Allegro has already this year acquired listed law firm Slater & Gordon for $78 million and sold Pizza Hut to California’s Flynn Restaurant Group.
The turnaround specialist has amassed about $4 billion in assets under management and is known for having a high tolerance for risk related to the assets it buys.
In another notable transaction, in 2021 Allegro purchased Toll Group’s Global Express, and has since spent more than $100 million on rebuilding the company’s information technology system to guard against the risk of cyberattacks.
A spokesman for PwC said the firm would not “comment on market speculation”.
Key federal senators have reacted angrily to the development.
Labor senator Deborah O’Neill said PwC was once again putting “profit ahead of truth-telling” and repeated a call for the firm to identify all current and past personnel involved in the leak.
“If this potential deal is to be believed, it indicates that, yet again, PwC is putting its reputation and profit ahead of truth-telling,” Senator O’Neill said.
‘Profit ahead of truth-telling’
“The haste to deal with profit pain, as evidenced here, is at odds with the tardiness of a response to questions (by the Senate and the media) of probity, ethical failure and the multi-year cover-up they have enacted.
“Now more than ever it is vitally important that PwC immediately release the names and detail the involvement of all partners in this scandal. There is a real risk that individuals engaged in unprofessional and unethical behaviour and practices moving to competitor firms will carry contagion and further damage the audit, assurance, and consultancy industry.”
Greens senator Barbara Pocock said PwC’s leaders “seem more focused on protecting their financial interest than coming clean on past events”.
“We’ve seen it happen before; a new name, new structure, begin again, nothing to see here. A structural phoenix will not save PwC from responsibility or be a fast track to a new tranche of government contracts,” Senator Pocock said.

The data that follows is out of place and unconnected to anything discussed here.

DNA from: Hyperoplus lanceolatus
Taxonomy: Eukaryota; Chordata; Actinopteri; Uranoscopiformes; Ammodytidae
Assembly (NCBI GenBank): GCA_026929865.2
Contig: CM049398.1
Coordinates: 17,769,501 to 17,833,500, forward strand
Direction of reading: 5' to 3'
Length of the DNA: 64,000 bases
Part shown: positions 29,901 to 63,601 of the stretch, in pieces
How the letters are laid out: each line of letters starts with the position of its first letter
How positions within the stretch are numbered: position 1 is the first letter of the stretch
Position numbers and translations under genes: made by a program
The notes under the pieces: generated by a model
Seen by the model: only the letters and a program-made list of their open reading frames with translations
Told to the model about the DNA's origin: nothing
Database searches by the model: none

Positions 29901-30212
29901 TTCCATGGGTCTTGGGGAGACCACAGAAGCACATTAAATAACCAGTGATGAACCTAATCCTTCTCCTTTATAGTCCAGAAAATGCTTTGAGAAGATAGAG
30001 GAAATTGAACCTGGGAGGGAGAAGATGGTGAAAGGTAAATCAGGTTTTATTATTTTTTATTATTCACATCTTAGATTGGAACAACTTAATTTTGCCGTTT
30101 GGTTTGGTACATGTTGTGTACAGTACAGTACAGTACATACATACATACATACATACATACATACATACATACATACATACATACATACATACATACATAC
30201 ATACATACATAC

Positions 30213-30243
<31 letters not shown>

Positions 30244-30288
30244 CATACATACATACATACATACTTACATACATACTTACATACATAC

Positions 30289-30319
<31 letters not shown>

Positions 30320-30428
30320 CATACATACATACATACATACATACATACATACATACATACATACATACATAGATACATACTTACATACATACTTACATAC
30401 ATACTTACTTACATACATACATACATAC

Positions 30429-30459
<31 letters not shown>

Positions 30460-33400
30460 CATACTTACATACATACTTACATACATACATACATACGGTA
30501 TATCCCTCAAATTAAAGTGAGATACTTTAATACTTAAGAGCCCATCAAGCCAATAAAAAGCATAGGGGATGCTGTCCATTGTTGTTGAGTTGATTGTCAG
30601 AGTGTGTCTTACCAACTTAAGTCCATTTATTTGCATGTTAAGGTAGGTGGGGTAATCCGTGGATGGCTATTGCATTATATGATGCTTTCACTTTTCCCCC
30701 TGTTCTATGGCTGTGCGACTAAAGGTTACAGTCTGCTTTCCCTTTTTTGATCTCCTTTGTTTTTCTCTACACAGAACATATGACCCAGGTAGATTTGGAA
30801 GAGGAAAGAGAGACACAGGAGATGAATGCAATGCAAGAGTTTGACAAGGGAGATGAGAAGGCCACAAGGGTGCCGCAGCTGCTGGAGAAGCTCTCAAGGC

“That road is closed to those associated with PwC, I believe. By letting current PwC partners move on to new firms conducting the same business, there’s no evidence that the root cause of the problem has been addressed.”
She said that the firm needed to carry out “root-and-branch reform” before it can be allowed to win Commonwealth contracts again.
“We are only a week away from being able to take this whole fiasco to the National Anti-Corruption Commission and that’s what the Greens will be doing on July 1 when the NACC opens for business,” Senator Pocock said.
“I think we need root-and-branch reform here and the only way forward at this stage is to hold a wide-ranging investigation to identify where the system has gone wrong so that we can put permanent fixes in place to ensure this kind of corruption is not allowed to happen again.”
The move to explore selling part of the firm was flagged by PwC in a message by acting chief executive Kristin Stubbins in a public letter at the end of last month.
Ms Stubbins said the firm would “ring-fence” the “provision of services to federal government departments and agencies” to prevent conflicts of interests.
“It will cover all services to federal government departments and agencies and include people, operations and governance within its perimeter and be operationally ringfenced from other businesses within PwC Australia,” she wrote on May 29.
As part of this process, she added the firm’s leaders would “consider strategic options for the business”. This is understood to be a reference to PwC seeking potential purchasers for the business.
PwC has been under fire since May 2 when emails released by the Senate showed multiple PwC partners received emails relating to a plan to exploit, for profit, information that former PwC tax partner Peter Collins had gleaned while advising the government on developing the multinational tax avoidance laws.
These revelations and the firm’s initial denial of the extent of the matter, led to the Department of Finance effectively banning PwC from winning any new contracts from the Commonwealth last month.
This has destroyed the value of the work the firm had been carrying out for the Commonwealth, services that were worth an estimated $537 million over the past two years.
It is not clear which parts of the business would be included in any transaction and if it would cover professionals working on state-based and other public sector work.
The scandal has so far triggered a Senate inquiry into consultants, an Australian Federal Police investigation into PwC, a re-examination of the leaks by the Tax Practitioners Board, a separate parliamentary investigation in the structure of the big four consulting firms, and a NSW upper house inquiry into consultants.